At the start of the year, Stuart Campbell had a meltdown because I said I was bemused by his apparent belief that he was going to bring down the wildly popular First Minister.  I can't deny there have been one or two moments since then when I wondered if he might just be proved right - but what I could never understand was his certainty that Ms Sturgeon's resignation was inevitable.  That always looked like wishful thinking on his part, and so it has proved.  He's tacitly admitting that tonight by saying (and I paraphrase) "I only didn't see this coming because I didn't consider the possibility that Hamilton might turn out to be an idiot". I think the pretence has now gone - not only does he no longer want independence if he can't get rid of Nicola Sturgeon, he's now actively urging Scots to emigrate to other countries.  Who knows where this remarkable political journey may end.  Will the Wings site end up endorsing Labour and/or the Tories? Could a seat in the House of Lords as Lord Campbell of Bath be on the cards? I'm being semi-facetious, but he's already travelled a long, long way, and sadly some of his readers have been taken along for the ride.

Support for independence boomerangs back in brilliant BMG poll: Yes in the lead for second consecutive survey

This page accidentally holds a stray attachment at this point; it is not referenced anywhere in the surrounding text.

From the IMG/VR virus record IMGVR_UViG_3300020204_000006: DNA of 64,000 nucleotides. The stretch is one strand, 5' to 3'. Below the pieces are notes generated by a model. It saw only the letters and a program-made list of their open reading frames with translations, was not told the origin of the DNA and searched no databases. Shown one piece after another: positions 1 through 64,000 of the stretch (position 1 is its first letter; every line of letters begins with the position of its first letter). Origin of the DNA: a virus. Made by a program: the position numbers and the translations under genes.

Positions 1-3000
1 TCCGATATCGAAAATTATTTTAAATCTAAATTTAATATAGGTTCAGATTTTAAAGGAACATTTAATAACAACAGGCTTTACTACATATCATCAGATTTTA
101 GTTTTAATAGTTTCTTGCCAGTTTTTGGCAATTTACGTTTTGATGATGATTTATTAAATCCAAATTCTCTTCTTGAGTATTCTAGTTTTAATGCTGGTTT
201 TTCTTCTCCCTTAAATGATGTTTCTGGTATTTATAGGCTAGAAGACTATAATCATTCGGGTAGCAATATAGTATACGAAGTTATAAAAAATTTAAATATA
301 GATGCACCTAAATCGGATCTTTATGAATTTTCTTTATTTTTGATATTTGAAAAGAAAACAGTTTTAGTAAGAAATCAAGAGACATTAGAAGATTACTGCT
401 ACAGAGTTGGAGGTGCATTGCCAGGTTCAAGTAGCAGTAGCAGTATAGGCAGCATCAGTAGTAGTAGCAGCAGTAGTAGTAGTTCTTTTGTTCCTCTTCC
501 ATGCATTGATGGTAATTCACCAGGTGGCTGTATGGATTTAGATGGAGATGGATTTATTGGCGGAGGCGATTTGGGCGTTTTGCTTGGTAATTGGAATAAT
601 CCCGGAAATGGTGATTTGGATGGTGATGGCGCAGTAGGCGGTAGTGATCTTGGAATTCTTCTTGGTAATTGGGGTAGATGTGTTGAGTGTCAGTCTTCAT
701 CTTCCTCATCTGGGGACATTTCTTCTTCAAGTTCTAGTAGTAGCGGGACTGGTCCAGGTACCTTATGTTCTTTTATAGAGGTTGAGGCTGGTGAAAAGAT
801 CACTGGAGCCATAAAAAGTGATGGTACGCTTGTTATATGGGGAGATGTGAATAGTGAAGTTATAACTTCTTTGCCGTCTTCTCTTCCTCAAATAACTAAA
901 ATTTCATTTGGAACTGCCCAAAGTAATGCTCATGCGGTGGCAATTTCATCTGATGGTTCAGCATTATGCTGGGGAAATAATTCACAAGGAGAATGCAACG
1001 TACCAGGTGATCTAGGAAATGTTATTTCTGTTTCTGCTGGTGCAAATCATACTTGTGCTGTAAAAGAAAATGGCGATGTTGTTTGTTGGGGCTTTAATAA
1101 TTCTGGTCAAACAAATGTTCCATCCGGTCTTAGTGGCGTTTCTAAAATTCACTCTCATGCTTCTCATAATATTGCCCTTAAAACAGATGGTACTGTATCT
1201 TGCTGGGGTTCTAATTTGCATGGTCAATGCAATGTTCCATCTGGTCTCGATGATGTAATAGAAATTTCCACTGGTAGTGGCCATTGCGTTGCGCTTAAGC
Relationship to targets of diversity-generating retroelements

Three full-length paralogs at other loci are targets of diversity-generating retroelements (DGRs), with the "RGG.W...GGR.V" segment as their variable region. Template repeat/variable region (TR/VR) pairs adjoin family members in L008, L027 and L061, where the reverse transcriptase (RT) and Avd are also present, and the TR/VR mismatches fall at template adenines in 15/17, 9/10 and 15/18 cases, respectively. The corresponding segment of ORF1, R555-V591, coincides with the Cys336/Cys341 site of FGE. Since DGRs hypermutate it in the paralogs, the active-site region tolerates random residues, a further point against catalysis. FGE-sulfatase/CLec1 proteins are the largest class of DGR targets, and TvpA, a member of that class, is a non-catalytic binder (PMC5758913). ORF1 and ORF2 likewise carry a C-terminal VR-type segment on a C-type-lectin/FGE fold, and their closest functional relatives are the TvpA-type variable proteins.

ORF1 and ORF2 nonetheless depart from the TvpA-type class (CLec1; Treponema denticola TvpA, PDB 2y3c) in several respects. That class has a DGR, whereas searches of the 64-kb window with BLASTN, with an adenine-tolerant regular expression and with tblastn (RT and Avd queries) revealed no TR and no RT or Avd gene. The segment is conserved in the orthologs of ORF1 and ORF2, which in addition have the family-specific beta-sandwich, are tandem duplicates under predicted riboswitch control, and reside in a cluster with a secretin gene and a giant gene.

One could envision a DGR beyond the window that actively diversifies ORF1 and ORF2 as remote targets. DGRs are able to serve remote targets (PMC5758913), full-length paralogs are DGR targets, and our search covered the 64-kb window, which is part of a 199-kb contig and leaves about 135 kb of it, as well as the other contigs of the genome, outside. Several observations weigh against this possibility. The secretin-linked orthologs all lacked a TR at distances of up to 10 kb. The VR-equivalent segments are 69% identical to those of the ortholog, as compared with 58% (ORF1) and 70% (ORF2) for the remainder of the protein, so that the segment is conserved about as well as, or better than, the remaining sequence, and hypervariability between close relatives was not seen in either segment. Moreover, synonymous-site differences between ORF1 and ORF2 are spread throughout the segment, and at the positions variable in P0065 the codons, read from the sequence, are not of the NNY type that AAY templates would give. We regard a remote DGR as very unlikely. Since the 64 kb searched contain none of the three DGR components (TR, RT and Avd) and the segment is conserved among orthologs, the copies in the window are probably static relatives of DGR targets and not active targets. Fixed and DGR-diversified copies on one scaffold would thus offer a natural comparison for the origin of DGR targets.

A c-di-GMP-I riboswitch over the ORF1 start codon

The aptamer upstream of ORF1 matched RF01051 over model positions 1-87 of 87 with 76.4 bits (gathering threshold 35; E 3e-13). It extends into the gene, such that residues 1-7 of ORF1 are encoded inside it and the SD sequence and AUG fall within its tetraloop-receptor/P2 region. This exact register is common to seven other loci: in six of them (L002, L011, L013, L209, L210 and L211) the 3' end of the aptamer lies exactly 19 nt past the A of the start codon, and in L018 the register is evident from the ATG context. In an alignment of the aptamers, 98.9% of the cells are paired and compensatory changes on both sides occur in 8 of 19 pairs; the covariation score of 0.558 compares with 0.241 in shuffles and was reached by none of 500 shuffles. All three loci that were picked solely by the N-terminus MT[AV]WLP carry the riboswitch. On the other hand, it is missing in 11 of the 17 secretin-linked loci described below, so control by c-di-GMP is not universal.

Just in case the unionist parties were labouring under the misapprehension that the Yes lead in the Opinium poll the other day was a mere blip within a new normal of No majorities, today's edition of the Herald brings word of a second consecutive poll with a Yes lead - and this time there's a little bit of a cushion.

Should Scotland be an independent country? (BMG/Herald)

Yes 52%
No 48%

There's no real point in giving percentage changes, because as far as I can see the last BMG poll on independence was way back in 2017.  For what it's worth that poll showed a slim No lead - but it wouldn't have been directly comparable with the new poll anyway, because presumably BMG have now updated their methodology to bring in weighting by recalled 2019 vote and so forth.  So here's the slight problem - both of the two new polls are from firms who haven't polled in Scotland for many years.  As a result there aren't any baseline figures to measure the trend from, and we can't strictly speaking say that the Yes vote has increased.  It's theoretically possible, albeit unlikely, that the methodology of both Opinium and BMG is more favourable to Yes than other firms.  So to be more confident that there has been a genuine bounceback in Yes support, we'll want to see these figures replicated by a firm that polls more regularly.

Scottish Parliament constituency ballot:

SNP 48%
Conservatives 21%
Labour 20%
Liberal Democrats 8%
Greens 1%

Scottish Parliament regional list ballot:

SNP 42%
Conservatives 22%
Labour 17%
Greens 8%
Liberal Democrats 8%

Seats projection (with changes from 2016 election): SNP 66 (+3), Conservatives 27 (-4), Labour 20 (-4), Greens 8 (+2), Liberal Democrats 8 (+3)

SNP: 66 seats
All others: 63 seats


Pro-independence parties: 74 seats
Anti-independence parties: 55 seats


The Herald article quotes a BMG spokesman as saying that 66 seats would give the SNP "the slimmest majority" of just one seat.  As you can see above, that's inaccurate - 66 seats is a majority of three.  I presume he was thinking that, because the target for a majority is 65 seats, 66 must be a majority of one, but that's not how it works.